The important thing is not a range of inflation stats, but rather why we care so much about inflation at Beck Bode, and why we want our clients to care about it. This may very well be our moment, as a firm, to talk about inflation wherever and whenever we can, because the idea of inflation is foundational to our Strategies and the way we have built this firm.
This is where the Meatball Parmesan sandwich comes in. During my junior and senior years in high school, I worked for a restaurant in my hometown in Maine called Amato’s where the Meatball Parm sub was a popular choice. Back then, approximately around 1997, this sandwich sold for $2.50 or maybe $2.79. Today, roughly twenty-five years later, the same sandwich sells for over $6. Had you stashed your money under a mattress in 1997, that $2.79 would now buy less than half of the same delicious sandwich today. What a bummer.
The most simplistic way to explain inflation is to say that stuff gets more expensive over time. Folks understand this because most people have lived it. I often hear, “Is inflation good or bad?” It depends on your economic situation. Say you are a borrower taking out a long-term mortgage, perhaps over 30 years, and your payment is fixed at $2,000 a month for that term. Every year that goes by that inflation is present it cheapens the value of money. You continue paying the bank $2000 a month, but the bank is losing money because inflation reduces the value of its future monetary obligations.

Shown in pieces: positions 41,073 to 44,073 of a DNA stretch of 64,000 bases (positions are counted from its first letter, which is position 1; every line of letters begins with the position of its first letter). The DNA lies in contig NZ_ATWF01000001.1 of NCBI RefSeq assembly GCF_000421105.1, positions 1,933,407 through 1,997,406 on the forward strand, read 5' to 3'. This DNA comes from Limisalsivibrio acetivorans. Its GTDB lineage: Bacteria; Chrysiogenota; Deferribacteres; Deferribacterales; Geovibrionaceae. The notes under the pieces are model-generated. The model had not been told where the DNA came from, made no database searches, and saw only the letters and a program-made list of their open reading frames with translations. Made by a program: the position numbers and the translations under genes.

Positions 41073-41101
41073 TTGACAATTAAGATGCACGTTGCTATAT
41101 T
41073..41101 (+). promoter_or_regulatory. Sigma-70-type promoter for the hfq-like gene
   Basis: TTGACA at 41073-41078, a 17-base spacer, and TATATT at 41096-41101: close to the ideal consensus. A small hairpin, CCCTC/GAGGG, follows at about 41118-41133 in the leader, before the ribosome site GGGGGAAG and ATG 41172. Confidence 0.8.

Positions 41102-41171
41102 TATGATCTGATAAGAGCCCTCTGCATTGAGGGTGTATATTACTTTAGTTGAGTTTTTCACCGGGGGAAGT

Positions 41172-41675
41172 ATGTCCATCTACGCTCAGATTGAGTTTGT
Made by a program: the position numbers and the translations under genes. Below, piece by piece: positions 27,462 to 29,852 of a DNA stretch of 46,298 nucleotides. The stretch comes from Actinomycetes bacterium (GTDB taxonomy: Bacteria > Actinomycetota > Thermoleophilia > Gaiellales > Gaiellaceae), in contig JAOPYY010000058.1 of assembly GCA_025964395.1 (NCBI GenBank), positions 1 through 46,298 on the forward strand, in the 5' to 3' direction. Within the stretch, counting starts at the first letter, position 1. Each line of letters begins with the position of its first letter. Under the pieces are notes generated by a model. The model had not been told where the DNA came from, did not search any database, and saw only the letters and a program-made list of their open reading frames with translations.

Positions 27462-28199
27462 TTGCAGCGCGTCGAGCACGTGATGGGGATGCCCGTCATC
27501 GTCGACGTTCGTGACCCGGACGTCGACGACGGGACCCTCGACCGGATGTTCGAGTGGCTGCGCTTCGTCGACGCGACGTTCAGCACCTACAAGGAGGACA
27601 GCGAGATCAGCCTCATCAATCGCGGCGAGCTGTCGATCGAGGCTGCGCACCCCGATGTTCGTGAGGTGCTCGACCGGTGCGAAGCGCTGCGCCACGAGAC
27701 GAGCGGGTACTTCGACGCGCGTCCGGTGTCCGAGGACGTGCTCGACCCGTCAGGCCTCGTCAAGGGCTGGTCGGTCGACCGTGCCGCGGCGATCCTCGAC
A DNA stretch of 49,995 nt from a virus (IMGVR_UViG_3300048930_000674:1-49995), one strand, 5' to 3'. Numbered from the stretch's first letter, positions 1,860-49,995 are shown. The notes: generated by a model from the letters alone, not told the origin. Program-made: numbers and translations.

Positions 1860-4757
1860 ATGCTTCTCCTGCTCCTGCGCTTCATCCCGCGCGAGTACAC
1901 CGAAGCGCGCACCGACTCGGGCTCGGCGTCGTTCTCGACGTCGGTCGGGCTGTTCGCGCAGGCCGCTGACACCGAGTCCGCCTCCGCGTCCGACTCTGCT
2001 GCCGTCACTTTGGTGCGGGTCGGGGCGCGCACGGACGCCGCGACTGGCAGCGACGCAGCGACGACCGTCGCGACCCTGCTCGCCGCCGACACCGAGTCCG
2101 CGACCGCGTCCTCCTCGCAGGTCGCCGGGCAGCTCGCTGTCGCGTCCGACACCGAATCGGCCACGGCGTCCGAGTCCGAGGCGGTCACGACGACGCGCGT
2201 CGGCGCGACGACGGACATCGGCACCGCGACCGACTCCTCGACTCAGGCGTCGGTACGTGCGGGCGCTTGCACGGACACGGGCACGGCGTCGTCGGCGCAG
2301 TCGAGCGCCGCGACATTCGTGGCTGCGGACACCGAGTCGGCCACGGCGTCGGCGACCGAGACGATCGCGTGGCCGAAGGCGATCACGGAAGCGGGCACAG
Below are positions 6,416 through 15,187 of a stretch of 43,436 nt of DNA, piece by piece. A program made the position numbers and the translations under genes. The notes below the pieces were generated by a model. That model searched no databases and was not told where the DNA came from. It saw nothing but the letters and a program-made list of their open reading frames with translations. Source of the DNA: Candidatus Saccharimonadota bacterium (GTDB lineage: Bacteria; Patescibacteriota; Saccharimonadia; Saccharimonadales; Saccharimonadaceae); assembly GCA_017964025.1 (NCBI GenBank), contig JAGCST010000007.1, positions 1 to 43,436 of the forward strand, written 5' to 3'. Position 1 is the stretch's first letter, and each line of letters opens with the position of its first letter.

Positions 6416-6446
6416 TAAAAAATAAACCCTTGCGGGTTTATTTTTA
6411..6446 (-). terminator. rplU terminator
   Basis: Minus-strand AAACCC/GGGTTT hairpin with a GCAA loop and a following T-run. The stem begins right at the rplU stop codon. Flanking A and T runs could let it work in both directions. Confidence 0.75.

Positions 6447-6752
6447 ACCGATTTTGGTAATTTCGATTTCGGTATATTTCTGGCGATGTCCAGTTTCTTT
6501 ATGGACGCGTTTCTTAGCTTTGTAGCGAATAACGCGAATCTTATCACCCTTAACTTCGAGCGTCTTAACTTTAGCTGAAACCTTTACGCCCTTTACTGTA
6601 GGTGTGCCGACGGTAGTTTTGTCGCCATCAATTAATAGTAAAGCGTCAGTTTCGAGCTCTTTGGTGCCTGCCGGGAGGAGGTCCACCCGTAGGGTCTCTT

Now take this idea and apply it to bonds. At Beck Bode, we believe that when you buy a bond, you are the bank, lending money to a corporation for a fixed rate of interest (if it’s a corporate bond). If you're buying a government-issued bond or note, it’s the same thing, except you are lending money to the US government.
Say you buy a hundred thousand dollars worth of the bond. You are giving that corporation or the government a hundred thousand dollars. And in return for that over the term of your agreement with each other (call it 10 years for this example), they're giving you a fixed rate of interest. As inflation ticks along year over year, you're getting paid the same amount of interest, but the value of the money that you receive has gone down because inflation has moved up. Hurts a little more than missing out on half a meatball parm sub.